The PCs stand between the evil sorcerer & the total obliteration of their homelands. To a certain extent the adventure succeeds in this. There are lots of bits and pieces that I like in this adventure including the science fantasy bits.

The plot is interesting & to  it  lives up to the high level promise on the tin;"On a clear day, bright lights appear in the sky over a vibrant city as the player characters stand in the market, and then the city vanishes, leaving the party alone in a grassy field. Five coins fall from sky, each imbued with the spirit of a power wizard beseeching the party to free them and save their world from destruction. Using the magic coins, the party travels to the outer plane of Eloysia, explore what is left of the city of Solius and free the wizards. Before saving Solius, the party must defeat an invasive army led by mad Durhan. Finally, the party journeys into their own sun to save their city." But there's also a weirdness to the design and writing of it. This adventure doesn't follow the adventure plot strings of the M series and for that alone I'm thankful for. The villain is a one off and wizard that could be used in other adventures for campaign play if the DM wants or needs a recurring high level foe. He has to a certain extent some of the tropes of a Dr. Strange wizard draining the life force of hundreds of victims. This plot bit is something that Mr.Varney would actually use for his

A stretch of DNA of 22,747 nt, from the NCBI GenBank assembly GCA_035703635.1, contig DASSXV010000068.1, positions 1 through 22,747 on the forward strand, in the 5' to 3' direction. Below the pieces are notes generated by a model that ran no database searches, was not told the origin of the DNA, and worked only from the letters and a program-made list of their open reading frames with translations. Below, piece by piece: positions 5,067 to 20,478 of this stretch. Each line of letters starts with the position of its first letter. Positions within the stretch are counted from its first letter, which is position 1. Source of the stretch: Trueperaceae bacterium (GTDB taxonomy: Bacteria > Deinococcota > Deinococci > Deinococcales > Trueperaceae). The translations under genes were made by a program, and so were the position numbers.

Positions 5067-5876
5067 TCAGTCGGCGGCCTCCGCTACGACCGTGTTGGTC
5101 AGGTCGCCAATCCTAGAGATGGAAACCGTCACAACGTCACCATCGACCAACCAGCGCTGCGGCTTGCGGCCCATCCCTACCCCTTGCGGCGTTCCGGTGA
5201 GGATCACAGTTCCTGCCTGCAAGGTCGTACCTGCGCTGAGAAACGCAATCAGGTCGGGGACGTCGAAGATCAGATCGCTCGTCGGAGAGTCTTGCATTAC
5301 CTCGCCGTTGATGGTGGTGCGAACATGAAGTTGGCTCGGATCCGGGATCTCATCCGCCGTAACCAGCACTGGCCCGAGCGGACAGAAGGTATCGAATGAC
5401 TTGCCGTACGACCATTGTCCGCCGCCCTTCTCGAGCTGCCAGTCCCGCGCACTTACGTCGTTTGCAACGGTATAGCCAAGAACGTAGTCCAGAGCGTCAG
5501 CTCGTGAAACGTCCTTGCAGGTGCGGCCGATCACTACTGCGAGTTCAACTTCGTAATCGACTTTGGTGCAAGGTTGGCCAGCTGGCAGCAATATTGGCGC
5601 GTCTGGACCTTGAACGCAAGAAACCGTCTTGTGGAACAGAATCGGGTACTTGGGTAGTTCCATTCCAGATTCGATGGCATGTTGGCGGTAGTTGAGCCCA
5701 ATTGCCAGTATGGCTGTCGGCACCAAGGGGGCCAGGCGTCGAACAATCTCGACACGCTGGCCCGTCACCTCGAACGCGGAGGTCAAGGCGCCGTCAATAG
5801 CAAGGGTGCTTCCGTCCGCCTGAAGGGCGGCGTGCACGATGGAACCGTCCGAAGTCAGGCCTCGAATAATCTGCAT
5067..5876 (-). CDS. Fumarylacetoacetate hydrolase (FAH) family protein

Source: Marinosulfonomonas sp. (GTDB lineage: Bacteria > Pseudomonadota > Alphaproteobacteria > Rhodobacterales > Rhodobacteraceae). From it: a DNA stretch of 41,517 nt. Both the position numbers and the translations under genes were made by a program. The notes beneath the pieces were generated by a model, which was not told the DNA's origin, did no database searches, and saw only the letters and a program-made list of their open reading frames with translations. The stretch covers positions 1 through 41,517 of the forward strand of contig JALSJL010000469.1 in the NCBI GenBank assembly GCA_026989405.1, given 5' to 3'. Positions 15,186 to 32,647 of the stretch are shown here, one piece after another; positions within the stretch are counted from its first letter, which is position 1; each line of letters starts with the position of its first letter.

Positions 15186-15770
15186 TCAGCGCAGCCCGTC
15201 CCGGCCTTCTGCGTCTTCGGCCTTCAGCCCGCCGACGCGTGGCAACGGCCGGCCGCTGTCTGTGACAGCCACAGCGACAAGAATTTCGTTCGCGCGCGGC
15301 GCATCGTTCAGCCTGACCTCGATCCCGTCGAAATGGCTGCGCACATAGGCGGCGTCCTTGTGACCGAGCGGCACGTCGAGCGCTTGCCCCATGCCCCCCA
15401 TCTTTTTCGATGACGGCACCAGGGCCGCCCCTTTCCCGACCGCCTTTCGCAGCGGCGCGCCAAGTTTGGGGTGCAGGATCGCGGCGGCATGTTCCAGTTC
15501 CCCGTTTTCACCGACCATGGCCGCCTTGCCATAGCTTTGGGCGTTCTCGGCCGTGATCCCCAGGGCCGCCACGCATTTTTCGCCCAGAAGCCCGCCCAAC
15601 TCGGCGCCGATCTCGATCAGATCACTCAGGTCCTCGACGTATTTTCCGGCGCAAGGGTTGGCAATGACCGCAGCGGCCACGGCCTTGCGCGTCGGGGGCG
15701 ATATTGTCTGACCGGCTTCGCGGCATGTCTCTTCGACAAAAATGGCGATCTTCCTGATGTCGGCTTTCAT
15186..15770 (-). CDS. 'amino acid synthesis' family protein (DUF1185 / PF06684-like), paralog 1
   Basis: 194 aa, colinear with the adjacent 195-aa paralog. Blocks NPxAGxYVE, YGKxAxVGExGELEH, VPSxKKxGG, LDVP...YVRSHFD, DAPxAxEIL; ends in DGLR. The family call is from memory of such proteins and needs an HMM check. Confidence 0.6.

Doctor Strange gamebook, Through Six Dimensions (1986) written a year earlier. So what the hell is it that appeals so much to me about M4 Five Coins For A Kingdom? I think its the fact that it delivers on its high level promise. Would I play it or run it today? Yeah I think I definitely world there's a weird Roger Zelazny Chronicles of Amber or Clark Ashton Smith vibe that strongly runs through this adventure.

I hate to say that I've done rude things with M4 Five Coins For A Kingdom but I have. The truth is that I've used this adventure as the basis for an Amber Diceless Rpg campaign but there we are. Yes it worked out quite well back then. But I was playing with experienced D&D players back in then. But then today what retroclone system would I play M4 with? Hmm two different systems immediately spring to mind.